Jeffrey Rusten is a Professor in the Department of Classics (and the graduate field in Theater Arts) specializing in Greek literature. His current research is in the history of comic drama, ancient historians from Herodotus to Ammianus, and Greek literature and religion in the Roman empire of the 2nd-3rd century CE.
- Classical Athens (5th-4th century BCE) and its legacy and reception in culture and politics, especially historiography and theater.
-Philostratus, Heroicus and Gymnasticus (Loeb Classical Library volume, with Jason Koenig) 2014
-The Birth of Comedy: fragments of ancient Greek drama, 500-250 B. C., 2011
-Oxford Readings in Classical Studies: Thucydides 2009.
RECENT EDITED VOLUMES
-Romilly, Jacqueline de. 2012. The mind of Thucydides. Edited and with an Introduction by Hunter R. Rawlings and Jeffrey Rusten. Ithaca: Cornell University Press.
-Mabel Lang, 2011. Thucydidean Narrative and Discourse, eds. Eleanor Dickey, Richard Hamilton and Jeffrey Rusten, Michigan Classical Press.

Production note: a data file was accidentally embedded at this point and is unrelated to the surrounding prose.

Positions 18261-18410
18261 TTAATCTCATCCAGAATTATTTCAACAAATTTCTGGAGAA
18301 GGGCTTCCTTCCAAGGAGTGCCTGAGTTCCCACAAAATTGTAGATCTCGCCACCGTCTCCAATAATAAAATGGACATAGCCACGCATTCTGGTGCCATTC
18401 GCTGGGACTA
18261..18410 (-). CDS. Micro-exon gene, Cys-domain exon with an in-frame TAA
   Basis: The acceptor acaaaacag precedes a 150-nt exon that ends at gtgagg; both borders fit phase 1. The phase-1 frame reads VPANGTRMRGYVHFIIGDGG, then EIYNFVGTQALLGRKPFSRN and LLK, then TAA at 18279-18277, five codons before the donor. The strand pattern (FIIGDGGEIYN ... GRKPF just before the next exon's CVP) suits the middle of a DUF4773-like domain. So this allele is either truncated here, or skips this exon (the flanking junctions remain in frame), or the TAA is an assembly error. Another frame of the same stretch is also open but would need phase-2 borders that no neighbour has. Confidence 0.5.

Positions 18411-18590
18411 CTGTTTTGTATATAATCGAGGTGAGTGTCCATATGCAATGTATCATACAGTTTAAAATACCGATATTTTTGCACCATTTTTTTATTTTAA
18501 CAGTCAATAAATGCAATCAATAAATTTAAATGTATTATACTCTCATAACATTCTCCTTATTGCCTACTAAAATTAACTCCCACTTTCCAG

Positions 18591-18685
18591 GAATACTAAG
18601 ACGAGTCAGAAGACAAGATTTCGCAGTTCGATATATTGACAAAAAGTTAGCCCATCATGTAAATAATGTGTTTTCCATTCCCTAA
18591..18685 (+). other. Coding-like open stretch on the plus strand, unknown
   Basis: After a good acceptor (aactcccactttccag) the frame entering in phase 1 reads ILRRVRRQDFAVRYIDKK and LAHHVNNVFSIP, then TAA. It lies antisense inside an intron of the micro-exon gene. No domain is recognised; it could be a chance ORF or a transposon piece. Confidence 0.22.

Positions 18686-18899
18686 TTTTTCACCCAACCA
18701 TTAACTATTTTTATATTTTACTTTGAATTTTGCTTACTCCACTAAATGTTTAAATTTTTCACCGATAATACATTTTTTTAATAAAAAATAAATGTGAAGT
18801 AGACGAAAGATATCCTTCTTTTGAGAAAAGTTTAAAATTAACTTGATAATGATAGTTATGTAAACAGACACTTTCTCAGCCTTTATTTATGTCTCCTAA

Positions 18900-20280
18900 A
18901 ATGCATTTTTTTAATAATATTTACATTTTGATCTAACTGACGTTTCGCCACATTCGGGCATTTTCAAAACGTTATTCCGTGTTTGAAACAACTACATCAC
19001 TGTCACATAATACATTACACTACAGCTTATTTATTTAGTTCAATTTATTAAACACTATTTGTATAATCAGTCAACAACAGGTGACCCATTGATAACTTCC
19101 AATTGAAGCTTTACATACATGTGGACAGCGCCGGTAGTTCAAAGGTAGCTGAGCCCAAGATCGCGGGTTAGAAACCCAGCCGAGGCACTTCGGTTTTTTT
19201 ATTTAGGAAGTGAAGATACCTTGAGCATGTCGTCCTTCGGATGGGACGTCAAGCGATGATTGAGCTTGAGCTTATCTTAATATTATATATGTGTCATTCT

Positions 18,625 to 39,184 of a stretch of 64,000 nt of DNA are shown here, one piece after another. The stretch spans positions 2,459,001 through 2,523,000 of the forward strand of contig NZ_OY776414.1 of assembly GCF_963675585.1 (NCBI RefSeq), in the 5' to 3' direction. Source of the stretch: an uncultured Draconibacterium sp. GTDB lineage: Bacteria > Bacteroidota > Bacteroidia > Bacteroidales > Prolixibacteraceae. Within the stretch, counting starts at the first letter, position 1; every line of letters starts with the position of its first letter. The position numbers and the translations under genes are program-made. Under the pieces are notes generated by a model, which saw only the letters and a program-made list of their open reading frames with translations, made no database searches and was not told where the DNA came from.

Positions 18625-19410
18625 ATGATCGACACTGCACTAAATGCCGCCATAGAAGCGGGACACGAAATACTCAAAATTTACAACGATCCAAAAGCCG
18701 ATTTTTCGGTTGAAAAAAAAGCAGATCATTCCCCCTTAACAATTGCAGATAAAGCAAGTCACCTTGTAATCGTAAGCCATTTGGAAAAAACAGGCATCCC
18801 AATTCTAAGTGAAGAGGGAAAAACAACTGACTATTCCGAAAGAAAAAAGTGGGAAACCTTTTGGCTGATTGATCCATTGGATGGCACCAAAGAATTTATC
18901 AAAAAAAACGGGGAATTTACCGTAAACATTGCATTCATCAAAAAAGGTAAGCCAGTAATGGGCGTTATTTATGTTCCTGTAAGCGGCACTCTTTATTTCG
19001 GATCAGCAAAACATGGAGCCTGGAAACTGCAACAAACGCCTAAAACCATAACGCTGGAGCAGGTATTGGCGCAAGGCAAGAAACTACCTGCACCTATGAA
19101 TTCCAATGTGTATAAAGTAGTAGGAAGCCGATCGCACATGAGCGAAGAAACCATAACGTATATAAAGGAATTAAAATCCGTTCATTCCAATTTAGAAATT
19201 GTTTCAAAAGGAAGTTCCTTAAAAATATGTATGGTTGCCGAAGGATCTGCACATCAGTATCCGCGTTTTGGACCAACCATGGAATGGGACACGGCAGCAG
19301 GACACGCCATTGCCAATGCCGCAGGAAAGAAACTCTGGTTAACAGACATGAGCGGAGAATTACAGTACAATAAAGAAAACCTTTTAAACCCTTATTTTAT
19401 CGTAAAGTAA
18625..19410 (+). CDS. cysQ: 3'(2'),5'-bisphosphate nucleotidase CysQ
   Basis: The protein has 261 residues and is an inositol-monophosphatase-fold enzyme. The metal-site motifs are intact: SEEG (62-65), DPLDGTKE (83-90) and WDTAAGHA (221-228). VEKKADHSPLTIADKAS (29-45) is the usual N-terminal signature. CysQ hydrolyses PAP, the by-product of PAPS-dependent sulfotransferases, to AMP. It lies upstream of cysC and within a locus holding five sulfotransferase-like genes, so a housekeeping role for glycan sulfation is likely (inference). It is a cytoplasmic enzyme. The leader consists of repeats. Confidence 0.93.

-(2013) Rusten, J. 2013. "Political discourse and the assembly in four plays of Aristophanes," in M. Quijada Sagredo and M. C. Encinas Reguero, eds. Retórica y discurso en el teatro griego. (Madrid) 249-60
-(2013) "Δῆλος ἐκινήθη: An “imaginary earthquake” on Delos in Herodotus and Thucydides." Journal of Hellenic Studies
-(2013) "The mirror of Aristophanes: the winged ethnographers of Birds (1470-93, 1553-64, 1694-1705)." In Greek comedy and the discourse of genres. eds. E. Bakola, L. Prauscello and M. Telò. Chapter 12. Oxford: Oxford University Press.
-(2013)"‘The Odeion on his head:’ Costume and identity in Cratinus’ Thracian Women fr. 73, and Cratinus’ techniques of political satire." In OPSIS: Studies on the Performative Aspect of Greek and Roman Theatre. eds. George W. M. Harrison and Vayos Liapis. Brill.